(Words and photos by Doug Gregory) – Very few municipalities will allow this kind of tomfoolery to take place not only within city limits, but definitely not down town. We know that if there is ever an incident this rare opportunity will end. That said, the all-volunteer organizers and workers have tried to keep safety at the forefront of this popular happening.
All competitors get 2 chances to create vaporized carbon fog and wonderful, high-rpm music to the delight of the onlookers. The rankings are, of course, subjective and this year were determined by the ladies in the Miss Rod Run lineup. Some vehicles shown in this coverage were not entered in the contest, but were allowed to entertain the fans anyway. The overall winner gets their name put on a fan blade of a new trophy made by event organizer George Rose. This tradition will be carried forth until all the blades have winners on them. The trophy is displayed in the Custom Cuts barber shop that has an automotive theme and is a fixture in the community.
First up is Kelli Bevins C-10 step-side. This 17yr-old Junior at Scott County High does all her own wrenching along with her friend Jessie (she has a big-block ’69 Camaro). For her first-ever event she won third and did an encore burnout that ended by throwing the carcass off one tire. Next the chopped-top, black, Pro Street C10 of Jerry Sanders has been in this contest a few times and its big-block had no trouble spinning the steamrollers. The rat rod-style truck (Clint Hoskins) had what looked to be a roller 5.0 Windsor Ford with pulling truck-style headers. If the contest had been for who spun the motor the hardest it would be very hard to beat this one. He flogged this thing as hard as I’ve ever heard in this kind of event and did it twice. The Robert Patterson’s Fairmontwas built specifically for two events: this and drag week. It was very impressive, but couldn’t hold still long enough to sway the judges.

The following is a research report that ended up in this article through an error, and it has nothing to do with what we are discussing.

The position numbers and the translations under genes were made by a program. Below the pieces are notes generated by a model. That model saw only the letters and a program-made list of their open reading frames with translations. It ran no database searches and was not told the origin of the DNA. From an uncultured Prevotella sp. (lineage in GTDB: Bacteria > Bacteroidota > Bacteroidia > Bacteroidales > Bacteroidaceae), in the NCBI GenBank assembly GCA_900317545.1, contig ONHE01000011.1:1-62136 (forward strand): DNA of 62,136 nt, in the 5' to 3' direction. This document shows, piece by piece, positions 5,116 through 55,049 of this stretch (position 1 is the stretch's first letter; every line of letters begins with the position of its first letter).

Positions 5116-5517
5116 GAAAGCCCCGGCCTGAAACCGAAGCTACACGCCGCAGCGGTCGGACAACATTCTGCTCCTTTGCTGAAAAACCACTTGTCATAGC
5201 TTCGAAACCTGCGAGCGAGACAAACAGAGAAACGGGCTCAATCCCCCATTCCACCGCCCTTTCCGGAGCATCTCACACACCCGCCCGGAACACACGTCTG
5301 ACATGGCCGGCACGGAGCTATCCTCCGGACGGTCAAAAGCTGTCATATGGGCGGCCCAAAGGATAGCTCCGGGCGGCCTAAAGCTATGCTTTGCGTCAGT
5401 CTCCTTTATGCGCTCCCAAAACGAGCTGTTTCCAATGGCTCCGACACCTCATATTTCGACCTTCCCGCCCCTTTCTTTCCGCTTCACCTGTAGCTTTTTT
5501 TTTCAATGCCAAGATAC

Each competitor was given about 30 seconds to get their business done. It was kept this short to avoid tire explosions and other catastrophic messes associated with this kind of mayhem.
Square-body GM trucks were popular here the last two years and this lowered long-bed (David Stidham) example did an admirable smoke show, though not aggressive enough to get the judges’ votes. The burgundy 4th-gen Camaro of Billy Hinton left nothing on the table as the rev-limiter was clearly heard engaging before every gear change. Smoke poured out of every crevice of this one for a long time. Bryan Wasson’s white square-body short-bed ultimately won the event on the merit of his 2nd turn, but struggled on the 1st as they’d added some ‘good’ fuel and neglected to adjust the timing. This rig is specifically deceptive as the small-block hiding under the patina is very healthy. They also had a gimmick in that they soaked the tires for some colorful smoke. Bryan is the manager at Blue Collar Auto Repair in Georgetown. The 4wd 80s-era F150 long-bed (Dillon Hedges) was quiet and slow to get the clouds going, but once it did the truck completely disappeared. Normally we have a few S-series trucks competing though this year only James Jett’s blue V8-powered 2nd-gen made the call.